The Adivasi resistance to land grabbing and mining multinationals
For more than 100 years the Indian indigenous communities have been systematically oppressed, disenfranchised, dispossessed and dehumanized. Independence from the British colonial power and even the rights guaranteed to them in the Indian constitution have not changed the situation either. On the contrary: Globalization and "India shining" (the capitalist thrust of murder after the collapse of the bloc confrontation) promoted land expropriation for the benefit of capitalist profit maximization, legally legitimized and promoted by the instrumentalization of the Indian state. The resistance of the indigenous population of India has increasingly formed in the past decades. The Adivasi, as the indigenous people of India call themselves, are now the largest opposition movement in India.
1. Stan Swamy - "It will be black desert"
It starts with a conversation between the Adivasi activist and human rights activist Stan Swamy and the journalist Michael Briefs. Swamy was a Jesuit priest and a supporter of the Adivasi resistance against mining multinationals for 50 years. The discussion is about how the government and multinational corporations are proceeding to expropriate the Adivasi, how the peaceful resistance is organized and what support Indian and foreign activists can give. Stan Swamy died on July 5, 2021 as India's oldest political prisoner at the age of 84 in Bombay prison. Michael Briefs conducted the interview in 2004 in the Indian state of Jharkhand.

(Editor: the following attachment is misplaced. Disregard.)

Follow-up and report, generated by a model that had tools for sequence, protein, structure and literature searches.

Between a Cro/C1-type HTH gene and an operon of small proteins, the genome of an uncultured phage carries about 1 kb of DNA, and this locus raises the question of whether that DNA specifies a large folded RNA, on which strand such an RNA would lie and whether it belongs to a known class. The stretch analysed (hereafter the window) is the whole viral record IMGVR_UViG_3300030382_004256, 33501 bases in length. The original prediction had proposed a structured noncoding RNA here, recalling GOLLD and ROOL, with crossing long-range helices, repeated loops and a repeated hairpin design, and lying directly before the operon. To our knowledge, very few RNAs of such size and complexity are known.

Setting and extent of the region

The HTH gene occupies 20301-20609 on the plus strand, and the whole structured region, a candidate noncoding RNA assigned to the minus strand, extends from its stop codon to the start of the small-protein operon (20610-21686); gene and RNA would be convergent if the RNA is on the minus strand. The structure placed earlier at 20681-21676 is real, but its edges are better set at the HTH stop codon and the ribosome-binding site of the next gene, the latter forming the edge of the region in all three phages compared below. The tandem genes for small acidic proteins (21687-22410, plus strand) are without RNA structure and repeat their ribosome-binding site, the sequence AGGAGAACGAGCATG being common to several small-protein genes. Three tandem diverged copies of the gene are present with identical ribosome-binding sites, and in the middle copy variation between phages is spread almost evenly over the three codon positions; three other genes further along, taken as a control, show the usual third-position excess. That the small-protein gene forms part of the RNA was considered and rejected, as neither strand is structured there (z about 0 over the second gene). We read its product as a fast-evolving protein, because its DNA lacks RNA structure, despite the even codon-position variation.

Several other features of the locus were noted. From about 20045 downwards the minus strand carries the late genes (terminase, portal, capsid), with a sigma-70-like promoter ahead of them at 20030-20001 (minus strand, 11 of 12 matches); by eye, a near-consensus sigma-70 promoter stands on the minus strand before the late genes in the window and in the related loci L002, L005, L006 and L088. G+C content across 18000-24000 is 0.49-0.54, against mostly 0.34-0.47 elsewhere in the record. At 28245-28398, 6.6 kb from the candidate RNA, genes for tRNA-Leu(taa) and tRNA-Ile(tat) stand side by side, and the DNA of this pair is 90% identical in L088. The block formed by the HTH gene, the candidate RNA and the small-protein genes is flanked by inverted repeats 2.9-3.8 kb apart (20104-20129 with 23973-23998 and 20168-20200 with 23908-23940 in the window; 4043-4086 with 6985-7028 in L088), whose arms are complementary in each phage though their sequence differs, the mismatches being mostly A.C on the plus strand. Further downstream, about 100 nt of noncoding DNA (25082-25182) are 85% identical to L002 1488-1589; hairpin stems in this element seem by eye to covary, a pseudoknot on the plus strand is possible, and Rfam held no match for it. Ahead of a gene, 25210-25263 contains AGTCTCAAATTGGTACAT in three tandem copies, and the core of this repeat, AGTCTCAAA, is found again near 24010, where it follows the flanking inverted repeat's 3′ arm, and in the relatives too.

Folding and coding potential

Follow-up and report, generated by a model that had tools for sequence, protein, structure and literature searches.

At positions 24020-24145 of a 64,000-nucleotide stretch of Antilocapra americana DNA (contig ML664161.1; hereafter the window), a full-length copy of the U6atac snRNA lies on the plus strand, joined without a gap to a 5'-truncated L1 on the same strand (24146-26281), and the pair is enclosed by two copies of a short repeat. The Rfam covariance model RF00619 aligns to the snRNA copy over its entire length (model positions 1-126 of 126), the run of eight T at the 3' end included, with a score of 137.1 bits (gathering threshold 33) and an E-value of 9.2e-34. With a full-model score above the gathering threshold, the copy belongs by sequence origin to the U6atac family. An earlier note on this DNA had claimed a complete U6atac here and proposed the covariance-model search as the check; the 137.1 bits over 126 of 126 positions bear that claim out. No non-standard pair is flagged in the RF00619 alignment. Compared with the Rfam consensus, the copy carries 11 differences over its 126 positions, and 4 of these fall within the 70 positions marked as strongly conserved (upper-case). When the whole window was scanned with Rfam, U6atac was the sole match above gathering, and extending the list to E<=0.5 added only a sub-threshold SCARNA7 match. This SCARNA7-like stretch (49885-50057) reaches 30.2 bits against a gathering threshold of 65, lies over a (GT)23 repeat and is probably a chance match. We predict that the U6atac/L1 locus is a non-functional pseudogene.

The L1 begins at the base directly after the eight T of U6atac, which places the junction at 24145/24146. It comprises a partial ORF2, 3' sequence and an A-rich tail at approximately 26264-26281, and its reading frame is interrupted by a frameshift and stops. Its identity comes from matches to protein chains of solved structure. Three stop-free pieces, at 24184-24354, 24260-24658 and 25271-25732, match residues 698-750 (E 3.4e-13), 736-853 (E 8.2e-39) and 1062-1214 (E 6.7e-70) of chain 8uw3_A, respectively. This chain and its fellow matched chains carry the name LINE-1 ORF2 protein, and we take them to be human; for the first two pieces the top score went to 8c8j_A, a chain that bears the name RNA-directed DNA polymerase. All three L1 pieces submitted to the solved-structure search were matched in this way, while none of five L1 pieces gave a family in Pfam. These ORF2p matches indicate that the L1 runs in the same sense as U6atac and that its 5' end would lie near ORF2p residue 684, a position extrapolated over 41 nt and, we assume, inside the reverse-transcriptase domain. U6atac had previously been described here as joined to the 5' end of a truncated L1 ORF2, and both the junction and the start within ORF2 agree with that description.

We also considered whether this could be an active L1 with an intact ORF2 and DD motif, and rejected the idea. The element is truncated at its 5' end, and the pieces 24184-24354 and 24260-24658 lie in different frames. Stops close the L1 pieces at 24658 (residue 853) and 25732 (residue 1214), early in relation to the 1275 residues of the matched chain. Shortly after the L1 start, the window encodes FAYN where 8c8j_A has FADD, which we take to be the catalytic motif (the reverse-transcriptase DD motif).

2nd / 3rd / 4th Bulu Imam - "Learn from us" / "We wiped out nine-tenth of civilasation" / "You have to give a real alternative"
Three "takes" with the philosopher, environmental activist and human rights activist Bulu Imam. First he talks about the causes and in the second "take" about the concrete consequences of the modernity imported by the sage in India and China, among others. In the last "take" he begins to outline the idea of a global alternative to the western concept of modernity. This is based on the rejection of modern development concepts, as they are being promoted to the present day for the benefit of globalized elites, regardless of the political system. This modernity is a "cannibalistic modernity", the consequences of which have catastrophic consequences, especially in the countries of the south. Through them, the eradication of cultural and natural diversity is actively pursued. Climate change is only one consequence. The global consequences threaten the survival of all humanity. The interview was held in 2004 at Bulu Imam's home.